Bryan has not presented evidence of either arbitrariness or bad faith, and the summary judgment record makes it quite clear that he has not made out a case for breach of the duty of fair representation.3 Bryan mischaracterizes clear law on what constitutes both arbitrariness and bad faith. “The duty of fair representation mandates that a union conduct at least a ‘minimal investigation’ into an employee's grievance,” but “only an ‘egregious disregard for union members’ rights constitutes a breach of the union's duty’ to investigate.” Emmanuel, 426 F.3d at 420 (first quoting Garcia v. Zenith Elecs. Corp., 58 F.3d 1171, 1176 (7th Cir. 1995); and then quoting Castelli v. Douglas Aircraft Co., 752 F.2d 1480, 1483 (9th Cir. 1985)); see also Vaca, 386 U.S. at 191, 87 S.Ct. 903 (“[W]e accept the proposition that a union may not arbitrarily ignore a meritorious grievance or process it in perfunctory fashion ․”).
APA more than satisfied its duty to conduct at least a “minimal investigation” into Bryan's grievance. It is undisputed that APA brought in former USAPA representatives to review the grievances APA had inherited from USAPA, and APA relied on these former USAPA representatives to provide recommendations as to the merits of those grievances. At least one of these former USAPA representatives had previously reviewed Bryan's grievance and determined that it lacked merit, including it on a table of old USAPA grievances that had been designated as candidates for withdrawal which was provided to APA. These representatives also unanimously recommended that Bryan's grievance be withdrawn by APA. APA's reliance on the expertise of these former USAPA representatives in choosing to withdraw Bryan's grievance did not reflect an “egregious disregard” for Bryan's rights, Emmanuel, 426 F.3d at 420 (quoting Castelli, 752 F.2d at 1483), and Bryan cites no controlling case law which suggests that APA's review process here was not at least a minimally adequate investigation.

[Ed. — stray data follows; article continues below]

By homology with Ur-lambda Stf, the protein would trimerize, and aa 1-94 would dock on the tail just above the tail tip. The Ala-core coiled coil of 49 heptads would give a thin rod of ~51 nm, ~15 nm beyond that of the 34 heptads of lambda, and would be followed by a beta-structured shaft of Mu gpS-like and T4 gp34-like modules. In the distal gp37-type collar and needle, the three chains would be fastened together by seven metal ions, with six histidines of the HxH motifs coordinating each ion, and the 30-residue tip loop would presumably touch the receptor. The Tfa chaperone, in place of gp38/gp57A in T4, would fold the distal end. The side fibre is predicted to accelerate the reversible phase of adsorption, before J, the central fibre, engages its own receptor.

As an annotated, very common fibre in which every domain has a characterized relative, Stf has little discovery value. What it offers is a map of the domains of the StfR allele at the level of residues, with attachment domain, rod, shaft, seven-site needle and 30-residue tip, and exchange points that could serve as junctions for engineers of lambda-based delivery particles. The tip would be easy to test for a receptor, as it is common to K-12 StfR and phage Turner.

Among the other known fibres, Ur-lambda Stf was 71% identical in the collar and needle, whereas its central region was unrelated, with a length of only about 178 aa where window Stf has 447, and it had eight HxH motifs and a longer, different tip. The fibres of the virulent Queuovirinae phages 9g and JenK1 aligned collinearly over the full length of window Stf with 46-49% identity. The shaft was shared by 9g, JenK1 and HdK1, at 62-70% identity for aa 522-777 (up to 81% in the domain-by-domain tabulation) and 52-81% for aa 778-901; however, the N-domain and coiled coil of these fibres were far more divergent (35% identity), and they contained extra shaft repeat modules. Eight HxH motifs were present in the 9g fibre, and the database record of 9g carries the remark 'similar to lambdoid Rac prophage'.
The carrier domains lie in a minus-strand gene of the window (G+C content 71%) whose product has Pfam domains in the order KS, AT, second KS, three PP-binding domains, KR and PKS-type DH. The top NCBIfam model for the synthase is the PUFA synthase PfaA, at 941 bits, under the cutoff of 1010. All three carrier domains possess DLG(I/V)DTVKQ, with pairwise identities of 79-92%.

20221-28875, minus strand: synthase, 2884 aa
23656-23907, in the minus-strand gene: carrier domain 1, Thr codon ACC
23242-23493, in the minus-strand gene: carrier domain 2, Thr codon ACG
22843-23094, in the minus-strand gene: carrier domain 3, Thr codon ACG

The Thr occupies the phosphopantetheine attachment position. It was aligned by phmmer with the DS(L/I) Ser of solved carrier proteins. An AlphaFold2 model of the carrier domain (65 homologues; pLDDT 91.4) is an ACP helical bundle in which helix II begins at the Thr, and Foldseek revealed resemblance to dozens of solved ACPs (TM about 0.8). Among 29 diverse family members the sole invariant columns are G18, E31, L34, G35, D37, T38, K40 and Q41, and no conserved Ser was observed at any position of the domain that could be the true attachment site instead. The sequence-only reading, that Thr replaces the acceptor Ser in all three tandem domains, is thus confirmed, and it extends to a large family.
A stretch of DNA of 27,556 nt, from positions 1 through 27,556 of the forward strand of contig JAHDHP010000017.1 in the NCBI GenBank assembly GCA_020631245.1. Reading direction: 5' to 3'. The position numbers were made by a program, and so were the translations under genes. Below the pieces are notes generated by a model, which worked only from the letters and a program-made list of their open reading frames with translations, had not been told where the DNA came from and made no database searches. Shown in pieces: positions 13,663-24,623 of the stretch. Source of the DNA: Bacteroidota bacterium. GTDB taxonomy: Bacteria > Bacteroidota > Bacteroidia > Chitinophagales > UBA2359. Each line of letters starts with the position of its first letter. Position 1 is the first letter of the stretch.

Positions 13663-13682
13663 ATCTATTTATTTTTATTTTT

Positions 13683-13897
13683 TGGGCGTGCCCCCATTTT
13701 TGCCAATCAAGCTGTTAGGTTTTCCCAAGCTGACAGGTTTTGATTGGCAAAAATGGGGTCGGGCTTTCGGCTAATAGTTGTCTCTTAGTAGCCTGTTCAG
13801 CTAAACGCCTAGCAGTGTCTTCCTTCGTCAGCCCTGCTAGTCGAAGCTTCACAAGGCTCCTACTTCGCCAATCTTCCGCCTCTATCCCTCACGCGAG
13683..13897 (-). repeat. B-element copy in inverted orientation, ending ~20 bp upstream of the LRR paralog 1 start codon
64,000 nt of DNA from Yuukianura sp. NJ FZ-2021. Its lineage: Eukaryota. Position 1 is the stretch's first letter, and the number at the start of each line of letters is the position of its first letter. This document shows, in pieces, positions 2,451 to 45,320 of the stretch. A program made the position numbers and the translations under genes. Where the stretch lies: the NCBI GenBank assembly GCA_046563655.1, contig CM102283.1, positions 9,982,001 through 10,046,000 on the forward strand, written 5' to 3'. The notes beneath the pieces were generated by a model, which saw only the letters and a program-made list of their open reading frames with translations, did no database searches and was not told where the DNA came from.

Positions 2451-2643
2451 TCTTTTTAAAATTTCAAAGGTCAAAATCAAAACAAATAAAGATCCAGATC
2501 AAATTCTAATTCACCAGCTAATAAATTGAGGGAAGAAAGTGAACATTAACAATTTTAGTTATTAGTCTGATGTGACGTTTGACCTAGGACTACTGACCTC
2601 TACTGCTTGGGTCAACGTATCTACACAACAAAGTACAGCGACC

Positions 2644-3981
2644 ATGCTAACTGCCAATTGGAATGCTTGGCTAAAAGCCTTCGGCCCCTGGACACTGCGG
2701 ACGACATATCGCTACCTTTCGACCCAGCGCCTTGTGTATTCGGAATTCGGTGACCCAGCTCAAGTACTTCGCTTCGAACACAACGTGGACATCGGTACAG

Bryan posits that the experts on which APA relied were required by the duty of fair representation to truly be experts, including being familiar with the particular collective bargaining provision at issue in Bryan's grievance and understanding the nature of the grievance. Without accepting this contention, even so, mere negligence or erroneous judgment does not constitute a breach of the duty of fair representation. Miller, 985 F.2d at 12. The USAPA representatives were at least more familiar with the former USAPA grievances and applicable collective bargaining agreement than was APA. We must afford substantial deference to the decision not to pursue the grievance further to arbitration. See O'Neill, 499 U.S. at 78, 111 S.Ct. 1127; Emmanuel, 426 F.3d at 420; Miller, 985 F.2d at 12. Two bankruptcies, a change in unions, a 400-case backlog, and the passage of almost two decades reasonably explain why APA did not need to do more to investigate a claim that the predecessor union had several times marked for dropping after the airline had rejected it.